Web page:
In classic French cooking there are five “building block” sauces or the Mother Sauces.   I will make an attempt to talk about all of them over the next few weeks but today I want to concentrate on one, Espagnole Sauce.

Sounds like it should be something with Spanish flavors, right?  WRONG!  I thought that too but I learned that the French just called it after some Spanish chefs improved on their basic brown sauce.   (There are actually quite a few disputes over this topic but I imagine that the French King said, “Zis is good sauce, Chef Spaniard.  I will name zis after you.”)

The other funny thing (that last part with my Pepe Le Pew accent was supposed to be funny by the way) is that you rarely ever use Espagnole sauce by itself.

It’s job as a Mother Sauce is to nurture and develop the flavor of a small sauce.  They originally called them Father Sauces but the small sauces never thrived and ended up in therapy.  (Yes, I have some Daddy issues).

Anyhow, Espagnole sauce is the brown sauce used in a lot of your favorite recipes like mushroom sauce, bordelaise sauce, and demi-glace.

The sauce I want to share today is called Charcutiere sauce.  It translates to “sauce of the pork butcher” .  I’m glad the culinary world decided to use the French phrase because even if I can’t say it without sounding like I have a mouth full of gherkins; it sounds more appetizing than it’s conversion.

Espagnole Sauce 

Recipe adapted from a Cooking Class


2 Tbsp butter

1 onion, diced

1 stalk celery, dice

1 carrot, dice

1 ½ Tbsp tomato paste

3 Tbsp flour

¾ cup sherry

1 cups beef broth (preferably use stock but I never have that in the house)

1 tsp dried thyme

1 bay leaf

Salt and pepper to taste


  1. Over medium heat, melt butter in saucepan.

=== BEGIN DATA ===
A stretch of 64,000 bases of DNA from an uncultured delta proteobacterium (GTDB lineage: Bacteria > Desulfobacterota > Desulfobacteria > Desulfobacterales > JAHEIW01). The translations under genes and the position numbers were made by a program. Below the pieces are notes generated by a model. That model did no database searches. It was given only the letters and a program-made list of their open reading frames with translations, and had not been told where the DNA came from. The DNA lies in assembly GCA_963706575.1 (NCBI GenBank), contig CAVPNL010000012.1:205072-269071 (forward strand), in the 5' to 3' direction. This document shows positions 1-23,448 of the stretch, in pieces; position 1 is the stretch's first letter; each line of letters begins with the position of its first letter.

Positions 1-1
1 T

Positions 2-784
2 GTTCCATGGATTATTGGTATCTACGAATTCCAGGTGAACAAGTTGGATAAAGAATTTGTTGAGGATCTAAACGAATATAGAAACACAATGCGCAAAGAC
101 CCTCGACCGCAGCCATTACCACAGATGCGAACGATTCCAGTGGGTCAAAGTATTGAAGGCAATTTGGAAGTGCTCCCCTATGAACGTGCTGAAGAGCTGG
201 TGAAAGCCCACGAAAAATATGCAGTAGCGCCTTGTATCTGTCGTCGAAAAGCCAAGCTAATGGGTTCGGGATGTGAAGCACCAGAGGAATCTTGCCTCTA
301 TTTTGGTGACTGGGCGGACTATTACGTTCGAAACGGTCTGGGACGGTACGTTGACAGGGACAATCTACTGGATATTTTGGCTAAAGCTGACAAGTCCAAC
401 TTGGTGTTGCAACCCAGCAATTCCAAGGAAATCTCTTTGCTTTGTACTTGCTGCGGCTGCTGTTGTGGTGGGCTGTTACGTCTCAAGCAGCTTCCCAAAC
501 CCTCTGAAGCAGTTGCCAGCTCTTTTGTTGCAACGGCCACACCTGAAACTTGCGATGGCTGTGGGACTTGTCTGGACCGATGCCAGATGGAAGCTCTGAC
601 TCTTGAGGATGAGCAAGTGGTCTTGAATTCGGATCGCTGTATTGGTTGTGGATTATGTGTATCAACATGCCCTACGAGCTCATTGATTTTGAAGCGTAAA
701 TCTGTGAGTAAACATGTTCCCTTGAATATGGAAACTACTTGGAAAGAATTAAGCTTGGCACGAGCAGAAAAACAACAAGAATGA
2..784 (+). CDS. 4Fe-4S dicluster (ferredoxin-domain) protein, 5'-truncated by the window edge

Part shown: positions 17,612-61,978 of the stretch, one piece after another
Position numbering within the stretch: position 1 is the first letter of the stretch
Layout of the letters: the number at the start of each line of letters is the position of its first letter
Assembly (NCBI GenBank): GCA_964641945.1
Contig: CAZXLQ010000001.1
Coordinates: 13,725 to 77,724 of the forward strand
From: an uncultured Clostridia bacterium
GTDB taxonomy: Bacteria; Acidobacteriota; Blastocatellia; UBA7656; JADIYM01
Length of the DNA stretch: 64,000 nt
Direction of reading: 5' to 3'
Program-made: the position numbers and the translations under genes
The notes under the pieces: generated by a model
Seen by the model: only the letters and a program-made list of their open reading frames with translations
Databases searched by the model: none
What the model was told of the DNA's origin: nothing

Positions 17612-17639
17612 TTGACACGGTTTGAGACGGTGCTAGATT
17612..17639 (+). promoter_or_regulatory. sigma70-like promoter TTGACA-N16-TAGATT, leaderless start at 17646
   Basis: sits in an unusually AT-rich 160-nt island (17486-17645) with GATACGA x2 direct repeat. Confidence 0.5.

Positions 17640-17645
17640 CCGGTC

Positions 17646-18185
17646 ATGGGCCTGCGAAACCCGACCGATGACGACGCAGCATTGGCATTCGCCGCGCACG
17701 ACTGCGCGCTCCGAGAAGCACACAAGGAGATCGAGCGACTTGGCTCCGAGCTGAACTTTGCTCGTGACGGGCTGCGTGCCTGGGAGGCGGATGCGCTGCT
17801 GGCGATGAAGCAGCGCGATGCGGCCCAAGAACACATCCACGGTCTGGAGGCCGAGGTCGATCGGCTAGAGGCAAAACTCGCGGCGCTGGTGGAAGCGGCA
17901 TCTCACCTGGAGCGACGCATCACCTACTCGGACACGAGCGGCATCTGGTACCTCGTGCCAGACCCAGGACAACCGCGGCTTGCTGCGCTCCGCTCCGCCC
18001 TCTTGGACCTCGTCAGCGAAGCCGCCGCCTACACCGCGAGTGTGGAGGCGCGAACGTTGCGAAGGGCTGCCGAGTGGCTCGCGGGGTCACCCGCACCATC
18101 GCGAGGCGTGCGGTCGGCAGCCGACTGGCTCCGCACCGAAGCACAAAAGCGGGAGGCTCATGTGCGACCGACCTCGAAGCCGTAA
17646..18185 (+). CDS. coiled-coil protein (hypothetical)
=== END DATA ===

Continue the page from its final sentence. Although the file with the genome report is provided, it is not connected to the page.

2. Sauté onion, celery and carrots until caramelized.
  3. Add tomato paste and cook another minute or so.
  4. Add flour, coat the veggies and cook off “flour” taste for about a minute
  5. Deglaze the pan, making sure to scrape up the brown bits.
  6. Add broth, thyme and bay leaf.  Bring to a boil.
  7. Reduce heat to simmer and cook about 15 minutes until sauce is reduced.
  8. Strain into another bowl and discard veggies.
  9. Taste for seasoning and set aside for the next recipe.

Pork Chops with Charcutiere Sauce


6 thinly sliced pork chops (1/2 – 1 inch thick)

1 onion, diced

1/2 cup white wine

¾ cup Espagnole Sauce

2 Tbsp cold butter

1 Tbsp Dijon

10 cornichons, julienned

Olive oil

Salt and pepper


  1. Heat large sauté pan over medium high heat and add some olive oil.
  2. Sear each side (a couple minutes a side).  Make sure the meat is completely cooked.
  3. Set on a plate, cover with foil, and keep warm.
  4. In the same pan, add onions.  Sauté until caramelized.
  5. Deglaze the pan with wine and reduce.
  6. Add Espagnole Sauce and simmer for about 5-7 minutes.
  7. Remove from heat, add butter, Dijon and cornichons.
  8. Taste for seasoning.  Place pork chops in pan and place over low heat for another minute.  (I do this just to rewarm the meat a little more and to let it soak up some of the “juice”.)


The Espagnole sauce makes a little more than you need for this recipe.  No biggie, just pop it in the freezer and save it for another day.

Quick note on cornichons:  They look like your everyday gherkin but they are not sweet and they do not have an abundant dill taste.   You want the pickle to have a sour flavor to compliment the dish so just be weary of your substitutions.

These recipes seem to have a lot of steps but none of this is really hard so I would encourage you to try it.   Do as your Mother Sauce says!  : )